Let’s be real: The biggest things to watch this weekend are the same things they were last weekend. But, if for some reason you haven’t already seen Oppenheimer or Barbie and you’re not headed back to the theater this weekend to see the atomic bomb explode in IMAX 70-mm., there are still some fun new releases, not to mention a bunch of TV premieres, including a Navajo noir, post-apocalyptic vehicle madness, and the return of a futuristic favorite (again). Barbie may be everything, but Barbenheimer isn’t the only thing worth checking out. —James Grebey
If you all had only put some respect on Eddie Murphy’s Haunted Mansion, we wouldn’t be in this mess. In director Justin Simien’s new take on the Disneyland attraction, LaKeith Stanfield stars as a grieving astrophysicist-turned–tour guide who is tasked with helping a mother (Rosario Dawson) and her son (Chase W. Dillon) expel the 999 ghosts haunting their new home. Owen Wilson, Tiffany Haddish, Danny DeVito, Jamie Lee Curtis, and Jared Leto (jump scare) round out the cast in this comfortable family movie. —Savannah Salazar
➽ Do movies based on theme park rides seem better or worse compared to the coming onslaught of toy-based IP blockbusters?
Chris Estrada’s This Fool was one of the best new comedies out last year, so thank God, season two is already here. After Hugs Not Thugs shuts down, Julio (Estrada), Luis (Frankie Quinones), Chef Percy (Jamar Neighbors), and Minister Payne (Michael Imperioli) deal with the aftermath. We can’t wait to see what mess these fools get into next. —S.S.
Zahn McClarnon finally has the starring role he deserves in this series based on Tony Hillerman’s novels, which continues its noir-meets-mysticism approach by setting McClarnon’s Leaphorn against a new racist villain who claims to know secrets about the Navajo officer’s past. The series boasts a predominantly Indigenous cast. Kiowa Gordon and Jessica Matten also return. —Roxana Hadadi
The Last of Us had great success earlier this year turning a video game into a gripping television narrative. Maybe the same can happen for this show based on the PlayStation game. Anthony Mackie stars as a milkman charged with delivering a mysterious package in a post-apocalyptic version of America. —Jen Chaney
➽ For all the New Yorkers reading this: Twisted Metal is actually a documentary about what it’s like to drive. Enjoy the subway!
Starz continues to quietly put out some of the most unexpected workplace dramas, including Heels, about two brothers and rivals in professional wrestling. The first season was immersive, challenging, and fun. Whether this small-town wrestling league can support new faces and new competitors is the focus now. —R.H.
Talk to Me
If you thought teens these days were too addicted to TikTok or whatever, wait until you see what they’re doing in Talk to Me, a movie about a group of friends who figure out how to conjure spirits using an embalmed hand. It’s a great time until it goes horribly wrong. Who could’ve predicted!? —J.G.
If you, like the protagonist of Futurama, were cryogenically frozen, you could’ve been woken up multiple times over the past 20 years and hear the exact same news: Futurama has been canceled/revived. Now Hulu has brought back the Planet Express crew for another two seasons of retro-futuristic adventures (with all the main voice actors, following some early contract disputes). None of the revived seasons has been able to match those first original four, which are full of classic episodes. —J.G.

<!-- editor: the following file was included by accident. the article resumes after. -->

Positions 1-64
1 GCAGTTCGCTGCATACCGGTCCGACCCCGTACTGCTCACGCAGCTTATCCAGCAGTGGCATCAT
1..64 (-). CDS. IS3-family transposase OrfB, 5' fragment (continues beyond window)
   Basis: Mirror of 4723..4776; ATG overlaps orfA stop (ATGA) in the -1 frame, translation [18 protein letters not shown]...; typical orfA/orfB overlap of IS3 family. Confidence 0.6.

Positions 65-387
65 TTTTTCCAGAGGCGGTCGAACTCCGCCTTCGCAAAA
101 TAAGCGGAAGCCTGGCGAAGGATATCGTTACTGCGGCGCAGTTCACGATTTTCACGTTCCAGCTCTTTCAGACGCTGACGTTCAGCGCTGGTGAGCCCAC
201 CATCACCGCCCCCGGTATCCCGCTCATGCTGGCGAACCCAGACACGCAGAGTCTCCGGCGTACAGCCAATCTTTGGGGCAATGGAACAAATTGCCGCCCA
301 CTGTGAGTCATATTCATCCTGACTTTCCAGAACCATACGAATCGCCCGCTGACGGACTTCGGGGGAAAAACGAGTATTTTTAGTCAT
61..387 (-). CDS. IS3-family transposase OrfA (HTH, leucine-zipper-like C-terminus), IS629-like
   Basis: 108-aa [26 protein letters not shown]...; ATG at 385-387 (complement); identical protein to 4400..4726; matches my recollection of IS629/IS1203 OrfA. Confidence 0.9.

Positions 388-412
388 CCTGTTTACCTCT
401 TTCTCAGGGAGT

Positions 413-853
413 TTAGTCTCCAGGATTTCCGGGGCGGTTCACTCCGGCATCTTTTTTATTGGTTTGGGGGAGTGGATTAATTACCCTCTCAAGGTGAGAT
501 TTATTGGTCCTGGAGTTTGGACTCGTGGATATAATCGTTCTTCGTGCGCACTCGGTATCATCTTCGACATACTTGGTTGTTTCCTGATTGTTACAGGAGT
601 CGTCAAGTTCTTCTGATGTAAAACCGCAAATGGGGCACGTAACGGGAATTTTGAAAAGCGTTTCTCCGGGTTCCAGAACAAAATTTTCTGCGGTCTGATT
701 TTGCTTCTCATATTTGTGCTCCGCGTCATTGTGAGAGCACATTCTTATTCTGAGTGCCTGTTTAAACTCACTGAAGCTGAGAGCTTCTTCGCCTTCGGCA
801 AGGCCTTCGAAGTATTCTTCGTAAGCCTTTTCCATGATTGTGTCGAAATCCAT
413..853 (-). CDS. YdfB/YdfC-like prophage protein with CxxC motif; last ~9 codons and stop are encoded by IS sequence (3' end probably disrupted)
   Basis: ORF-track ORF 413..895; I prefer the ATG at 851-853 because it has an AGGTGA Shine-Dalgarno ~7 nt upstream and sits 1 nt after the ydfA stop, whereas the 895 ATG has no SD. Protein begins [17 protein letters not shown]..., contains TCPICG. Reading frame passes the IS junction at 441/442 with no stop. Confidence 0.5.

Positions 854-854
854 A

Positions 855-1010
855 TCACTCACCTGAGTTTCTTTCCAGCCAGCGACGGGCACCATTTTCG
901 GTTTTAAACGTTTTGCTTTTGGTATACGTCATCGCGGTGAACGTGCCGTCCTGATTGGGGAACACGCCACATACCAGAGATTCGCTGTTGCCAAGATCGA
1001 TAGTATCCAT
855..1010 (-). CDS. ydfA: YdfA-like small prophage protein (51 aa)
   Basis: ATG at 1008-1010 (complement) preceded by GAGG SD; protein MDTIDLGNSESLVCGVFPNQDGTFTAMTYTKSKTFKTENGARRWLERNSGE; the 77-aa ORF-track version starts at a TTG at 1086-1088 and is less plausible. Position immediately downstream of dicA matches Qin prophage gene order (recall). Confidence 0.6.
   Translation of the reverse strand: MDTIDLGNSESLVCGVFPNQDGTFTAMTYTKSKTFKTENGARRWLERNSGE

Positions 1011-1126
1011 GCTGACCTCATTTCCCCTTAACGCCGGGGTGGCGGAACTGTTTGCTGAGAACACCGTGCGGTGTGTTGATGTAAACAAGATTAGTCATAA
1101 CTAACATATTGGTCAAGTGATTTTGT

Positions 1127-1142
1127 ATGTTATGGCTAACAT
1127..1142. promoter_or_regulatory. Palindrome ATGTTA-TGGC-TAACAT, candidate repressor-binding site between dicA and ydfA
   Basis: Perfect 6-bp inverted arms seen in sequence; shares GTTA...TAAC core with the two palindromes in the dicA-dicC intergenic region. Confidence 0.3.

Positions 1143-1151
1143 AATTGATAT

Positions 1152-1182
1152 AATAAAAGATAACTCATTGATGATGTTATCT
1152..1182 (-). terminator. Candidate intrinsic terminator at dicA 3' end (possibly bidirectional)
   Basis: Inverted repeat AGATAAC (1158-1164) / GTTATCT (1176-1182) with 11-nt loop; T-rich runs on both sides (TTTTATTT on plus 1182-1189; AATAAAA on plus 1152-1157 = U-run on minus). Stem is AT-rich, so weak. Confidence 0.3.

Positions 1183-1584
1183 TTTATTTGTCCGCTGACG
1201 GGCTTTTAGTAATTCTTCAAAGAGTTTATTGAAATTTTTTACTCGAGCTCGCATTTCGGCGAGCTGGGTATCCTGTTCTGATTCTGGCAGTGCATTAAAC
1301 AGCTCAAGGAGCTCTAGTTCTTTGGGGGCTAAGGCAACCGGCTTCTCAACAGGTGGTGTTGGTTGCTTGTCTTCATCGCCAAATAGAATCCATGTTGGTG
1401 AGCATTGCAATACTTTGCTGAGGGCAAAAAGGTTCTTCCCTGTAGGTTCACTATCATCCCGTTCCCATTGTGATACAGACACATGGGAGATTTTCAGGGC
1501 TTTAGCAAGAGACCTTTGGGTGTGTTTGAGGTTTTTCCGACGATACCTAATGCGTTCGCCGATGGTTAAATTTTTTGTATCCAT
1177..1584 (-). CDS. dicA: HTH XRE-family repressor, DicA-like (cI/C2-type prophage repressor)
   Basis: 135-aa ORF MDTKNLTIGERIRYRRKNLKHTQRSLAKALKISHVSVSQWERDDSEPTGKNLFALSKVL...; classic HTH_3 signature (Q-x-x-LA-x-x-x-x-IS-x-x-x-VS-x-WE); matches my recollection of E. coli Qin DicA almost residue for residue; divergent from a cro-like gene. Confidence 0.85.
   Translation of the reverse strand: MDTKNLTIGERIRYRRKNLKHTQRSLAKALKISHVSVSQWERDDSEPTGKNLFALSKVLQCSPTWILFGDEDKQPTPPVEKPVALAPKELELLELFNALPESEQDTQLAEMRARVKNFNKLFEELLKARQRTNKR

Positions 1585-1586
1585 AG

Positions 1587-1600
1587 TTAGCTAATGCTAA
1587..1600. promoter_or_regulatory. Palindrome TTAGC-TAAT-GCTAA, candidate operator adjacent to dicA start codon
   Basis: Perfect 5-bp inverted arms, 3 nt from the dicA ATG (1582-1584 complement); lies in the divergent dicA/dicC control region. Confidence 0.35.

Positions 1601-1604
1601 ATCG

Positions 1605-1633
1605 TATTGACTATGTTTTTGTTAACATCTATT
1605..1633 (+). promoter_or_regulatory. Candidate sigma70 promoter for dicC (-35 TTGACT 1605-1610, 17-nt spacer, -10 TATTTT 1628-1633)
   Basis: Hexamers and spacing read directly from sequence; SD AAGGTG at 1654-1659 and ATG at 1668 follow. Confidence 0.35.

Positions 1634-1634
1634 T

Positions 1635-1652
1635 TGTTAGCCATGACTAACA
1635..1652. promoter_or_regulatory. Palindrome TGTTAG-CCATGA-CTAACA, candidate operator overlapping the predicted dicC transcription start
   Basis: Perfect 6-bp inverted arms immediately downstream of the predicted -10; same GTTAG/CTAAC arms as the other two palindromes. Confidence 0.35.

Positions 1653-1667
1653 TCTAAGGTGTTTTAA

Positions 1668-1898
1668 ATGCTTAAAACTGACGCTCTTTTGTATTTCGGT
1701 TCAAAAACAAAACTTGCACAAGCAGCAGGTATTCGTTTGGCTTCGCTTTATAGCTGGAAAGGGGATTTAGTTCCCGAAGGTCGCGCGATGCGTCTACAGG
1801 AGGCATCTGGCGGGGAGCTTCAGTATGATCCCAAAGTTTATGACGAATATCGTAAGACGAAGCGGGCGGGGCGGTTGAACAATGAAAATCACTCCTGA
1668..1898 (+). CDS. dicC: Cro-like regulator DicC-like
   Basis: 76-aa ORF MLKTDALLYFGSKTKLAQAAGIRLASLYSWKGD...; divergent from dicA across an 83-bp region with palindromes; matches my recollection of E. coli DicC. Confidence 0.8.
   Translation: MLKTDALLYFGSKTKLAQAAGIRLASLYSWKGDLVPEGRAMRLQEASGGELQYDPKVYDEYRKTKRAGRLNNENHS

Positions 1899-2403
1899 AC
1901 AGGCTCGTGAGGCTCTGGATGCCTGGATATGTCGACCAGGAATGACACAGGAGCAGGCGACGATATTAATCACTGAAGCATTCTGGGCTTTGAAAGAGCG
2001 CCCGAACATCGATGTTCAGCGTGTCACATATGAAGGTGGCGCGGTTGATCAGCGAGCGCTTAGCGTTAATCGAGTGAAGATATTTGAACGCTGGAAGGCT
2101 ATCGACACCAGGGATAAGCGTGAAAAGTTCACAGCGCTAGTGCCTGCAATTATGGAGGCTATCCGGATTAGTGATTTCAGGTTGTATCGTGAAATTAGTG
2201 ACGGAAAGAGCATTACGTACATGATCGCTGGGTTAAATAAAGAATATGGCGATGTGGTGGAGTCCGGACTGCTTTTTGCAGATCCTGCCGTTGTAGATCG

Whatever’s going on with DC Studios may be a mess right now, but at least DC’s animated fare like Harley Quinn is going strong — just like Harlivy. Now in its fourth season, Harley Quinn starts a new gig being a hero with the Bat Family while Poison Ivy heads up the Legion of Doom with Lex Luthor. —S.S.
The First Slam Dunk
This 2022 anime sports drama, which is based on Takehiko Inoue’s ’90s basketball manga Slam Dunk (and directed by Inoue himself), is one of the highest-grossing anime films ever made, topping box offices in Japan, South Korea, and China. Will it be a, uh, well, “slam dunk” in America, too? —J.G.
How to With John Wilson season three
The most recent season of this sweet, surreal little show made a big impact on the smartest man in New York City — the mayor. “I think John Wilson from HBO showed us: Just about every culture has made scaffolding his own with seasonal decorations and signs,” said Eric Adams. “This is not going to become the legacy of our city. That’s why GSD today is going to be the acronym for Get Sheds Down.” Just imagine what sort of public policy John Wilson will impact in his upcoming final season! —Ray Rahman
It’s been four years since the first season of Good Omens debuted. It was beginning to look like Neil Gaiman’s adaptation was close to biting the dust, but thankfully for Good Omens fans, that was far from so. Now, Michael Sheen and David Tennant return as Aziraphale and demon Crowley, respectively, as the two help a lost archangel in this Prime Video series. —S.S.
Checking In on Taylor Sheridan
Special Ops: Lioness
In this series inspired by a real U.S. military program, CIA op Joe (Zoe Saldaña) works undercover to prevent terrorist attacks. Thematically, the show looks like it’s picking up where the Islamophobia of Taylor’s Sheridan’s Sicario: Day of the Soldado left off. —R.H.
By Popular (on) Demand
Nobody really goes to the theater to see comedies anymore (Barbie excepted), so maybe now that the raunchy girls-trip comedy Joy Ride is already on VOD, just weeks after its July 7 premiere, folks will want to watch from the comfort of their homes. —J.G.
Only Murders in the Building season three
RIP Paul Rudd. Gunned down in his (eerily long-lasting) prime. —J.G.
Want more? Read our recommendations from the weekend of July 21.